Forrest Rogers (UC Davis)

- Quantitative Brown Bag Series

Nov 16, 2017
from 01:30 PM to 02:30 PM

166 Young Hall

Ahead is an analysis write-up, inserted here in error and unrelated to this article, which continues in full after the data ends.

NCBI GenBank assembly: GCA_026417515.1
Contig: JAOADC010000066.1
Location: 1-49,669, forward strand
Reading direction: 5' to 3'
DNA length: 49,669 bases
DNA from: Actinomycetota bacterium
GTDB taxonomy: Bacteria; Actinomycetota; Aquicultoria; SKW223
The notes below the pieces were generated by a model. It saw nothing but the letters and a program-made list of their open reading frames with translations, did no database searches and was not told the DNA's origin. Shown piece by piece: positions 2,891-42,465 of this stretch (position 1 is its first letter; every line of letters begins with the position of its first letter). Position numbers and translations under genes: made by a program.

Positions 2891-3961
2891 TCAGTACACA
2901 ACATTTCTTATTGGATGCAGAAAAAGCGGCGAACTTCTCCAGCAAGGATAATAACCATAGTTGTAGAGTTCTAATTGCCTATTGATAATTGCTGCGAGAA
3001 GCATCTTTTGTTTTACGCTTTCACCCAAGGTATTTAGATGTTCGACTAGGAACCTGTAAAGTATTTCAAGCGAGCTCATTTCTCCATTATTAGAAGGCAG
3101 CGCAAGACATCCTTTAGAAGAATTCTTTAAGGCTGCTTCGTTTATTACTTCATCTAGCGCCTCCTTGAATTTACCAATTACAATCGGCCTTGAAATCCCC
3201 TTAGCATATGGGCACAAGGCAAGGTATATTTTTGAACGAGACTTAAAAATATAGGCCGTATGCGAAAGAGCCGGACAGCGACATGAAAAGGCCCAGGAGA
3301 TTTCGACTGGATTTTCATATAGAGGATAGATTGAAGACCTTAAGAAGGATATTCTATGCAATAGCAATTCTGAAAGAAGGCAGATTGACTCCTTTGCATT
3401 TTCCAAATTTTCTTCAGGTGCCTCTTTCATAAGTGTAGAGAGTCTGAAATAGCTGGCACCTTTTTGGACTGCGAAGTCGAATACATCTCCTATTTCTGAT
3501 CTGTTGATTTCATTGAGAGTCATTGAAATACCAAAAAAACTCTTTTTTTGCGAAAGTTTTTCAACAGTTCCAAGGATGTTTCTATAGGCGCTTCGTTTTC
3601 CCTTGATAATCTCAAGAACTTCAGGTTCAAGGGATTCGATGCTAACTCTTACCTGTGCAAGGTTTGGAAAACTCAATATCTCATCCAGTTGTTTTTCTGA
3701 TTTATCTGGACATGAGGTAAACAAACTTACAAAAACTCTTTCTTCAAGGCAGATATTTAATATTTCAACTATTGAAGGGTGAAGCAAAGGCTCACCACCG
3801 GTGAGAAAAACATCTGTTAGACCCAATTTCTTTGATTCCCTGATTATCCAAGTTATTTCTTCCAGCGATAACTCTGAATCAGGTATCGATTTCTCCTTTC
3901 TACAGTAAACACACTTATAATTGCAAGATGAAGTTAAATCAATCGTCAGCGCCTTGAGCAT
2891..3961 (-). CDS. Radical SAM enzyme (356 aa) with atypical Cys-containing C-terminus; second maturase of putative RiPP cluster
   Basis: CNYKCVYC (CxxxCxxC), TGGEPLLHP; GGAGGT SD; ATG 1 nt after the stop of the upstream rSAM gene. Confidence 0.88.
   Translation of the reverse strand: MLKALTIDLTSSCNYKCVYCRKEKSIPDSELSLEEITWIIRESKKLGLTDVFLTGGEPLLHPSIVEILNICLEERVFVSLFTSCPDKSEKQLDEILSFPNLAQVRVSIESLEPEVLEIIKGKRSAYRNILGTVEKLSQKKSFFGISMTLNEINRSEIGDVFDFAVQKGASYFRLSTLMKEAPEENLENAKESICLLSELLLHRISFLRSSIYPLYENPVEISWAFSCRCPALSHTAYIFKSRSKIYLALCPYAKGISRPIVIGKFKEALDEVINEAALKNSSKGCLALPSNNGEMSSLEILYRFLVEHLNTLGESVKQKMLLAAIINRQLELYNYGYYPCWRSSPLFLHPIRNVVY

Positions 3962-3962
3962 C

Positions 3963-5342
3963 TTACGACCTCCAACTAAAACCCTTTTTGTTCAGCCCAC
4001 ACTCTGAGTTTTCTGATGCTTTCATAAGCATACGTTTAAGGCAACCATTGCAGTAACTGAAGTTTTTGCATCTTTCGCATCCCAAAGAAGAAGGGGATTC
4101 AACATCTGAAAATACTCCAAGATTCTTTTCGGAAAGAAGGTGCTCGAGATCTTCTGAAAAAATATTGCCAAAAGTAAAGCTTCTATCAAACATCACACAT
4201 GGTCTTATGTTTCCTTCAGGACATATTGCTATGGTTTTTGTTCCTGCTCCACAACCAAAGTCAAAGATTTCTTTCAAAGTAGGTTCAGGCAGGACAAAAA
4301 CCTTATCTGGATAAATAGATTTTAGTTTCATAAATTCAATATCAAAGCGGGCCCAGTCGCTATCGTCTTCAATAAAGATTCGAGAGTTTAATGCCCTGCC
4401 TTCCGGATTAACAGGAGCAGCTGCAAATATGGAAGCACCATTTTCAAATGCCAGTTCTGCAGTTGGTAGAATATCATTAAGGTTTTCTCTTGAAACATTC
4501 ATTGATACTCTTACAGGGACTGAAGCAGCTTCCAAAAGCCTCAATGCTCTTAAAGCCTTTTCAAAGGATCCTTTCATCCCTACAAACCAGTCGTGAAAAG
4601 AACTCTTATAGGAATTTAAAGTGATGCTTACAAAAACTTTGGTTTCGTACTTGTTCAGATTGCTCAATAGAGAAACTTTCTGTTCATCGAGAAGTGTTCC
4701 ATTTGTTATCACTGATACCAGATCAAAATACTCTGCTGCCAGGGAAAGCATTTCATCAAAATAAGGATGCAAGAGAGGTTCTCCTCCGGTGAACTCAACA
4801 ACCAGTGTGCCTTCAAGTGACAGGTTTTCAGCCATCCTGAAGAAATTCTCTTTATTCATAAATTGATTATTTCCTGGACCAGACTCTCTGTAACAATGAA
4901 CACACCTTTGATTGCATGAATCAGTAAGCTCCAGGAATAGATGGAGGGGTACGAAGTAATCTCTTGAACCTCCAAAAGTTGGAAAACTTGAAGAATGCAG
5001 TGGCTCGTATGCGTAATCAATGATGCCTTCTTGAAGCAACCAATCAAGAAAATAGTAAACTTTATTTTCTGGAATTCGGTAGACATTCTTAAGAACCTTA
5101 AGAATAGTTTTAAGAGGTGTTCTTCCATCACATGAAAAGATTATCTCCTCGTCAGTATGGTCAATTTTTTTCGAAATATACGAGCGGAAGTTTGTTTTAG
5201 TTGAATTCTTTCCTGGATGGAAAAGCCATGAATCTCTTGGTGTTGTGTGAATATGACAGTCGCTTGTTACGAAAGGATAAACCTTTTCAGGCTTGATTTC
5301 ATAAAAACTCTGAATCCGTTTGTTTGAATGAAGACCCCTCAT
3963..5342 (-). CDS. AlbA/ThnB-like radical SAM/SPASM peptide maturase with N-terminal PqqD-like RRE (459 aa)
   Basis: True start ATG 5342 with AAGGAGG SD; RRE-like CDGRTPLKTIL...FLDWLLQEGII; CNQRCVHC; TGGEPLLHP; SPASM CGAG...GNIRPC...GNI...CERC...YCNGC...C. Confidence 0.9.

Prairie voles are the premier non-human animal model for social monogamy and its associated behaviors, including the biparental care of offspring. Field and laboratory study of this species, both at behavioral and neuroendocrine levels, has given great insight to the proximate and ultimate mechanisms underlying monogamy. As a biparental species, both female and male prairie voles invest in the development of offspring. Previous work observing natural variation in and experimental manipulation of parental care suggests that pup-directed behaviors in development strongly influence adult behavioral phenotypes associated with monogamy (e.g., low contact care or paternal absence leads to delayed partner preference formation). The present research investigates how this parental investment changes across sequential litters of pups, and the extent to which it is coordinated across mothers and fathers. We use approximately six years of archival data on prairie vole parenting to investigate trajectories and inter-parent dynamics in prairie vole parenting. We use a series of latent growth models to assess the stability of parental investment across the first 4 litters. Our findings suggest that prairie voles display sexually dimorphic patterns of change in parental behavior: mothers’ investment declines linearly whereas fathers’ pattern of change is characterized by initial decline between litters 1 and 2 with subsequent incline from litters 2 to 4. Our findings also support a conclusion that prairie vole parenting may be better characterized as compensatory rather than coordinated—that is, fathers may compensate for decline in maternal investment, but fathers and mothers do not coordinate their investment in offspring. Opposing trends in investment between mothers and fathers ultimately imply stability in offspring investment across sequential litters. These findings, combined with previous studies, suggest that paternal compensation may play an important role in maintaining the development of monogamous behavioral phenotypes in individual offspring and across cohorts of those offspring. Understanding longitudinal and inter-individual dynamics of complex social behaviors is critical for the informed investigation of both proximate and ultimate mechanisms that may subserve these very behaviors.
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